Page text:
The Degrowth Alternative

Epilogue

Degrowth requires a commitment not just to protect nature or to manage and mitigate the impacts of capitalism, but also to create an alternative social-ecology and a fundamentally different basis for action. From this new perspective, environmentalists opposing a mega-project need not perform cost-benefit calculations or devise alternatives that accommodate growth. They can simply assert that such projects do not fit the world in which they want to live. They can say that there is alternative, and it is called “degrowth."

Endnotes

1.The phrase is from Ursula Le Guin, whose social science fiction novel The Dispossessed (London: Panther, 1975) provides a vivid exposition of a degrowth world.

2. Bruno Latour, “To Modernize or to Ecologize? That’s the Question," in Remaking Reality: Nature at the Millennium, eds. Noel Castree and Bruce Willems-Braun (New York: Routledge, 1998), 221-242.

3. Serge Latouche, Farewell to Growth (Cambridge, UK: Polity, 2009). For a review of the unpublished francophone literature, see Valérie Fournier, “Escaping from the Economy: The Politics of Degrowth," International Journal of Sociology and Social Policy 28, no. 11/12 (2008): 528-545, http://dx.doi.org/10.1108/01443330810915233. The choice of the term “degrowth" (décroissance in French) was inspired by the title of Nicholas Georgescu-Roegen, Jacques Grinevald, and Ivo Rens, Demain la Décroissance: Entropie-écologie-économie (Lausanne: Pierre-Marcel Favre, 1979). On degrowth as a “hypothesis," see Giorgos Kallis, Christian Kerschner, and Joan Martinez-Alier, “The Economics of Degrowth," Ecological Economics 84 (2012): 172-180, http://www.sciencedirect.com/science/article/pii/S0921800912003333.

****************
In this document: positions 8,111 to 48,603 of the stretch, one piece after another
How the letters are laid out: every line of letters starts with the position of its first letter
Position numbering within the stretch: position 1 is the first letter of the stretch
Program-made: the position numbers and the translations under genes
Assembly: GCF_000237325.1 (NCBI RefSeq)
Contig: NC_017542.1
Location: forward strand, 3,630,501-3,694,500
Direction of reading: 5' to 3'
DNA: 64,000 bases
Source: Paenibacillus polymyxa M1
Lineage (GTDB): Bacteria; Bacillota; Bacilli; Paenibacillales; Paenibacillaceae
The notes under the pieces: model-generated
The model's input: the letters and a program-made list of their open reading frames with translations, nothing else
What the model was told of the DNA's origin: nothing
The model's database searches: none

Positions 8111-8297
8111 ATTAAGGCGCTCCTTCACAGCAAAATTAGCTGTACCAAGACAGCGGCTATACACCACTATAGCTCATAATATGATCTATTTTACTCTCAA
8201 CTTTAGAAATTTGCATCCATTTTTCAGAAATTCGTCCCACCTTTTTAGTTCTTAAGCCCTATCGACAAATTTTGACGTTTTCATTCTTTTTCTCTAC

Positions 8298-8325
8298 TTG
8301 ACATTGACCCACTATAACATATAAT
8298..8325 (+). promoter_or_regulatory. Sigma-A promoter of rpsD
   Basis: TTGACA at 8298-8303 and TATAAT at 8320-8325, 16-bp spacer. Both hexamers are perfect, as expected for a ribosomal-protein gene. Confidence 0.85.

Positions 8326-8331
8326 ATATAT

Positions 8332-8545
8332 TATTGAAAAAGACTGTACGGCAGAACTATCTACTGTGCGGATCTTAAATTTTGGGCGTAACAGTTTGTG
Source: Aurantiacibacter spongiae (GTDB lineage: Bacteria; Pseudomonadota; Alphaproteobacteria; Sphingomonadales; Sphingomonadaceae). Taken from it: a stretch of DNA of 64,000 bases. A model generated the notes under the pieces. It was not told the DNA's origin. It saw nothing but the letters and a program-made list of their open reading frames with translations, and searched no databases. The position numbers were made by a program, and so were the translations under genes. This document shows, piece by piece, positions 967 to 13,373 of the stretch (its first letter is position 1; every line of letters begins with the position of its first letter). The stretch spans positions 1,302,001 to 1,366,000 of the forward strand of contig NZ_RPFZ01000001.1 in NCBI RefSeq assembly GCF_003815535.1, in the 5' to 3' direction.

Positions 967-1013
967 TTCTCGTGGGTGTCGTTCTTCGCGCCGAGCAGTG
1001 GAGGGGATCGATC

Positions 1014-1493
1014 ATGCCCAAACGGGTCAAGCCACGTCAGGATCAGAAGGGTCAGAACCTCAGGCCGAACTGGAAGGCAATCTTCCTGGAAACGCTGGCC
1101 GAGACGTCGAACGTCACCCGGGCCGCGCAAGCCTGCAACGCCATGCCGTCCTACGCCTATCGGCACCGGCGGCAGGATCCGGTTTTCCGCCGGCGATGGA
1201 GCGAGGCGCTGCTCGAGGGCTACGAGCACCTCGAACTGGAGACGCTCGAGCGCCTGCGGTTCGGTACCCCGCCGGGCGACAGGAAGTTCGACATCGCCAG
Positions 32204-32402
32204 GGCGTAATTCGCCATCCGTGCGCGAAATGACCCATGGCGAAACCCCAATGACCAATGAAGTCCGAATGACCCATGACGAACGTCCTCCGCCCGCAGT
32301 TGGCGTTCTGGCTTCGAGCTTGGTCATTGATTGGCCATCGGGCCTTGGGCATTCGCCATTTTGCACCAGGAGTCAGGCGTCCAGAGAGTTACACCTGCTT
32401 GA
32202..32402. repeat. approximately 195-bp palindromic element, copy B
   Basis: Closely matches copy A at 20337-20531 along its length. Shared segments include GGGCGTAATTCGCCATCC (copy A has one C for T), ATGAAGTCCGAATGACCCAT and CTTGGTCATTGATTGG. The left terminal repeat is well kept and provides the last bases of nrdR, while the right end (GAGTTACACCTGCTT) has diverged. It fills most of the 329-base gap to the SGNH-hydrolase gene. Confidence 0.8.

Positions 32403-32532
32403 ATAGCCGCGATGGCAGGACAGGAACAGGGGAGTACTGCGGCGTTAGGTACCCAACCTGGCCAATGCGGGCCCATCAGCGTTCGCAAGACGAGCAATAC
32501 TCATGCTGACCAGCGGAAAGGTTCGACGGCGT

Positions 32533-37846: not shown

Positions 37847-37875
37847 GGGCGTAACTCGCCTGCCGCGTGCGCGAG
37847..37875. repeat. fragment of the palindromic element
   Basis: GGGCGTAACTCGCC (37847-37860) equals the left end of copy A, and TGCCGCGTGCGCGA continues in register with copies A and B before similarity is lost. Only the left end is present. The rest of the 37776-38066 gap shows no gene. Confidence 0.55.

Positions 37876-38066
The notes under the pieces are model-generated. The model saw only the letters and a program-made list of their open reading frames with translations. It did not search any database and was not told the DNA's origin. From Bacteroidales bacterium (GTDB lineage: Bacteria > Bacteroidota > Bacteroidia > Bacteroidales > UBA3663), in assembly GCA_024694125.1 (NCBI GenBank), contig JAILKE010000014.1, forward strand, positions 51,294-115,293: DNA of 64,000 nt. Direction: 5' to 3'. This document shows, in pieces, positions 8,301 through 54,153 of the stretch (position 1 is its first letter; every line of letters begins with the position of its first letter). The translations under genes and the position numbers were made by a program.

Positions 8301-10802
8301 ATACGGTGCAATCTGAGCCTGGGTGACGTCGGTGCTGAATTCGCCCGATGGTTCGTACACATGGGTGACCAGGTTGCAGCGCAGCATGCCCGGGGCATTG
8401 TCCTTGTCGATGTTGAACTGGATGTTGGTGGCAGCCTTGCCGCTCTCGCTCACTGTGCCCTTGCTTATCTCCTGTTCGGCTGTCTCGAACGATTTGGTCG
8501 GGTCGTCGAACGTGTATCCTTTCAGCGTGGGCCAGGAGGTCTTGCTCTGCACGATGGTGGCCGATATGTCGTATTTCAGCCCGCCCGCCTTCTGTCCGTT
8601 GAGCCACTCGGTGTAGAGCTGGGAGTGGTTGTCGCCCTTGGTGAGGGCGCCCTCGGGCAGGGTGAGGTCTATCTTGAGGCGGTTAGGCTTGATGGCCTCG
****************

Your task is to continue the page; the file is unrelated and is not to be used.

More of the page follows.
4. See Francois Schneider et al., “Crisis or Opportunity? Economic Degrowth for Social Equity and Ecological Sustainability: Introduction to this Special Issue," Journal of Cleaner Production 18, no. 6 (2010): 511-518, http://www.sciencedirect.com/science/article/pii/S0959652610000259.

5. Herman Daly, Beyond Growth: the Economics of Sustainable Development (Boston: Beacon Press, 1997).

6.Giacomo D’Alisa et al., eds., Degrowth: A Vocabulary for a New Era (London: Routledge, 2014). See also www. vocabulary.degrowth.org.

7. See D’Alisa et al., op. cit.; Daly, op. cit.; Tim Jackson, Prosperity without Growth (New York: Earthscan, 2008).

8. Blake Alcott, “Jevons’ paradox," Ecological Economics 54, no. 1 (2005): 9-21, http://www.sciencedirect.com/science/article/pii/S0921800905001084.

9. Herman Daly, op. cit.10. Joana Conill et al., Otra vida es posible: prácticas alternativas durante la crisis (Barcelona: Ediciones UOC Press, 2012); Julie Katherine Gibson-Graham, The End of Capitalism (As We Knew It): A Feminist Critique of Political Economy (Minneapolis: University of Minnesota Press, 2006).

11. Capitalism can experience involuntary negative growth, but not for long, as this would lead to intensifying inequalities and socio-political instability, and the threat of the imposition of some form of autocracy.

12. Ashish Kothari, “Radical Ecological Democracy: A Path Forward for India and Beyond," The Great Transition Initiative (July 2014), http://greattransition.org/publication/radical-ecological-democracy-a-path-forward-for-india- and-beyond.

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